If you want something a bit different to your ordinary white loaf bread, this is the recipe to try! The potatoes add lightness to the bread and the hint of nutmeg compliments the flavour beautifully. On the top of that you have the amazing flavour of cheddar cheese and chives add extra flavour and colour.
Potatoes were traditionally used to make the bread dough go further, as they were generally cheaper and more available than flour that had to be bought in from a local mill. We are talking a few hundred years back now, but I like the historic connection when I’m making this bread.
My top tips on making this potato bread
- Don’t be tempted to add too much cheddar cheese – 2 tablespoons is enough to make this bread smell and taste like a cheese without making the dough too heavy, so that it wouldn’t hold it’s shape
- Adjust the amount of salt based on what type of cheddar cheese you use – the stronger cheddar cheese you have the less salt you’ll probably need
- Mature, strong cheddar cheese is the best to use – if you use too weak cheese, you’d need to add to much in and your bread dough won’t be able to absorb it.
Ingredients & Substitutions
Always use strong or bread flour, because you will need the bread flour gluten to compensate for the gluten-free potato ‘flour – starch’. I’ve used white bread flour in this recipe as it compliments the cheddar cheese and chives flavour beautifully.
50% wholemeal bread flour and 50% white bread flour would work as well, just bear in mind that it will change the flavour of your bread.
If you have leftovers of different bread flours – say wholemeal, rye, white bread flour, you can mix them all together as long as you end up with 500 grams of flour mix at the end. Ideally, you don’t want to add more than 100 grams of low gluten flour (like spelt or rye) or gluten free flours (buckweed, rice flour or any other gluten-free mixes). If you add to much gluten free flour the white bread flour gluten won’t be able to ‘hold’ your bread shape, but you can use up to a teaspoon of xanthan gum to compensate that.
I’ve used less salt in this recipe, than I normally do and that’s because the cheddar cheese is quite salty on it’s own. Salt is a personal preference, you can use more or use none – your bread will still rise as salt doesn’t have any impact on the dough, it’s just a flavour thing.
The amount of water will depend on how dry your flour is and how starchy (and dry) your potato is. The best thing to do is to hold a little flour back, start mixing and kneading and then add more water if the dough needs it. The potato starch will make the dough much lighter and it will feel stickier than usual, so use less water especially if you are not used to handling wet dough.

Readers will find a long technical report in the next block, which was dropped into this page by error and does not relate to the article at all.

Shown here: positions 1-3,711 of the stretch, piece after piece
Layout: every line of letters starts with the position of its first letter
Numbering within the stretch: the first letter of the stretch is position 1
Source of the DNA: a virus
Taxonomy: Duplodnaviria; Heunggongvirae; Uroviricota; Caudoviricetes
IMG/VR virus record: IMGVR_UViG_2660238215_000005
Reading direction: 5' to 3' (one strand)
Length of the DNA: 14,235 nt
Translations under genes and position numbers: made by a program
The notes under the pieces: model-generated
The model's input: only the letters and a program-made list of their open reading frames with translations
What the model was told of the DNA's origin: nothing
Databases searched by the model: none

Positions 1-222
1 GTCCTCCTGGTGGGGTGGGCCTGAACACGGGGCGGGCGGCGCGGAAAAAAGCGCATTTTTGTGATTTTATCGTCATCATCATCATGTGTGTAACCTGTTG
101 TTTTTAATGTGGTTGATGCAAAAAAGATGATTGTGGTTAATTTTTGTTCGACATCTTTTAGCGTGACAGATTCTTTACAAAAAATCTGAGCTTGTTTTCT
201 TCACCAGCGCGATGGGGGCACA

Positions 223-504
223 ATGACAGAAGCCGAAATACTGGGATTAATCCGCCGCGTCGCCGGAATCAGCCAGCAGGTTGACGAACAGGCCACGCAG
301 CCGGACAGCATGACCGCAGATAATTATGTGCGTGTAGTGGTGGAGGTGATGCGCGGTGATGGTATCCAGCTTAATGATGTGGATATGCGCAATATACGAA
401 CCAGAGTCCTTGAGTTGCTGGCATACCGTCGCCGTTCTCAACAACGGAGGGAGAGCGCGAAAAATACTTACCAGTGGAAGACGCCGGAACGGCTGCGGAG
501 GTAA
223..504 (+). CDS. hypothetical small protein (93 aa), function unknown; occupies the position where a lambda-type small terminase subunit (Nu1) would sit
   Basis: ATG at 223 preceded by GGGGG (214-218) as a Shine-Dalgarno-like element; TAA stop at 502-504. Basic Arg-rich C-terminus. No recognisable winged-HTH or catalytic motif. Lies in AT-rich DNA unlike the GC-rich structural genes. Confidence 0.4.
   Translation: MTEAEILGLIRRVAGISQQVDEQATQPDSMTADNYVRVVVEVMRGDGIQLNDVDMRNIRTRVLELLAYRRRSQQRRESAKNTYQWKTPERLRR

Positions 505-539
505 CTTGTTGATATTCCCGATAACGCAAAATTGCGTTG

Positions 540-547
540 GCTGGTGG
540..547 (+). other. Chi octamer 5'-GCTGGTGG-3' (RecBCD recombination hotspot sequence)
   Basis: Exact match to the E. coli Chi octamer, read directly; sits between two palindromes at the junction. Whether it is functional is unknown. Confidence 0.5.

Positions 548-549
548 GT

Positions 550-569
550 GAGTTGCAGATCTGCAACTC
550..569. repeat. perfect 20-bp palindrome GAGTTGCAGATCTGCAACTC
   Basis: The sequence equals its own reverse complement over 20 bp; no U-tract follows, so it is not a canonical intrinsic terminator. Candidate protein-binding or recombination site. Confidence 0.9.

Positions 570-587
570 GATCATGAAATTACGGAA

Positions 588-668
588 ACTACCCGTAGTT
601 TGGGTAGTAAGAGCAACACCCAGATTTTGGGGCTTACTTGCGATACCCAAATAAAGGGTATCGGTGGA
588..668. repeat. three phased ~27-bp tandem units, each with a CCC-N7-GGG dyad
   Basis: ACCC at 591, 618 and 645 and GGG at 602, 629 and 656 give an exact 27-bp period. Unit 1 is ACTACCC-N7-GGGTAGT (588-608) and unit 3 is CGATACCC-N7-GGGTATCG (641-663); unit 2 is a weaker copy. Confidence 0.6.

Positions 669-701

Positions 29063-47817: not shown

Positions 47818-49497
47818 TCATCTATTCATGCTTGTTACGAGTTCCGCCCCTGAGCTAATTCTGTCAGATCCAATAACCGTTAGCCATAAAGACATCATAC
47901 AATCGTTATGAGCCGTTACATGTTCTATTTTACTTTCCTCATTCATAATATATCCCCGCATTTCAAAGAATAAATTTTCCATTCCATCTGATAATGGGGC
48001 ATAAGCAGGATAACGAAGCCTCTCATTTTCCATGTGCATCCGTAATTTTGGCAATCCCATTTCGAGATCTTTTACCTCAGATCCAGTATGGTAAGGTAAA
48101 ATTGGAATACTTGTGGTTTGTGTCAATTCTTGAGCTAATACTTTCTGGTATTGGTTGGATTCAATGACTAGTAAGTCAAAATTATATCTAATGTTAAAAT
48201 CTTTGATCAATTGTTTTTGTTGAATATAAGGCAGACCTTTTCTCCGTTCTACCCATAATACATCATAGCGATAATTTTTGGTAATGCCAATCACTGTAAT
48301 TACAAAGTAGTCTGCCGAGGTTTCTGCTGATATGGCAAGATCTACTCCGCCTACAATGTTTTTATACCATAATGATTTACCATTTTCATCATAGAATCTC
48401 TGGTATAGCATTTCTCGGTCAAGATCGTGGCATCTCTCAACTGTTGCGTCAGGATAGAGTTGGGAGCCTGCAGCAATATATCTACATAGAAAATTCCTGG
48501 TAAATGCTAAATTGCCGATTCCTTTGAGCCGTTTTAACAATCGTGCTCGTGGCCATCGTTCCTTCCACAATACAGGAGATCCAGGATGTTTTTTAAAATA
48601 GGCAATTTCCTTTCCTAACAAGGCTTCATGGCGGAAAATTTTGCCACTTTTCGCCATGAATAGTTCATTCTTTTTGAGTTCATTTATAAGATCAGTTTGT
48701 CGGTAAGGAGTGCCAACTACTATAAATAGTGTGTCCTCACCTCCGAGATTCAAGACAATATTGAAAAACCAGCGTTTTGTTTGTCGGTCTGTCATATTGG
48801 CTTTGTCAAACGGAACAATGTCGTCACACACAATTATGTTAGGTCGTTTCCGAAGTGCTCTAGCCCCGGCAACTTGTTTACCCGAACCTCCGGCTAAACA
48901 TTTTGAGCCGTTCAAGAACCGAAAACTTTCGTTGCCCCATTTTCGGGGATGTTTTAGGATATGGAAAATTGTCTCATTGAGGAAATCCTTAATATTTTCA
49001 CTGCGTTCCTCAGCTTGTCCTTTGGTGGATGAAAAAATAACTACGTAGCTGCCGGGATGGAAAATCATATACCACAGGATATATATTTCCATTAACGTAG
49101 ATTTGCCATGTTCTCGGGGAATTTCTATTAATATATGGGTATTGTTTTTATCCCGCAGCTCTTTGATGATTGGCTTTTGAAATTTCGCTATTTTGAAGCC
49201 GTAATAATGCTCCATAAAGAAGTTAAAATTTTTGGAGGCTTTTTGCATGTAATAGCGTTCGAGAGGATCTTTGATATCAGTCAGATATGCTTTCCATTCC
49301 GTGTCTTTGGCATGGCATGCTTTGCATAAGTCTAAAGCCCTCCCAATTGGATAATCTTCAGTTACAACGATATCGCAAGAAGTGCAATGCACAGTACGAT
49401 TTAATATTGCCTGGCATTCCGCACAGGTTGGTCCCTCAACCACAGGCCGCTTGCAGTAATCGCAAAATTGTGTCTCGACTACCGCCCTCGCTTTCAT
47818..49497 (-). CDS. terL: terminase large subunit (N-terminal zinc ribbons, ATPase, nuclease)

Nutmeg is amazing spice, that works well with potatoes and I always use it for mash potatoes or baked au gratin potatoes. Nutmeg brings the potato flavour out even more, so it’s perfect to use in this recipe.
Saying that if you don’t have nutmeg in your spice rack, don’t worry and just leave it out.
The star of this recipe! The best time to make this bread recipe is when you have some leftover potatoes.
Alternatively, you can also make a quick ‘baked’ potato in the microwave, which is easier than to boil one potato. Jab your potato with a fork several times and place on a paper kitchen paper towel in the microwave and cook for 5-6 min for small potato or 7 min for medium size. You can use any type of potato you have (it doesn’t have to be ‘baking’ type potato).
You can also use previously frozen potatoes as long as they have been cooked.
How to make this potato bread
Quantity, storage & baking in advance
This recipe makes about 750g bread – the best tin to use is 2lb bread tin or equivalent volume basket. You can also make about 12 -14 bread rolls from this recipe.
This Potato Bread freezes really well, so it’s well worth making a few loaves at a time. This basic recipe can easily be doubled and you should still be able to knead the dough easily. Then just divide the dough to fit your tins.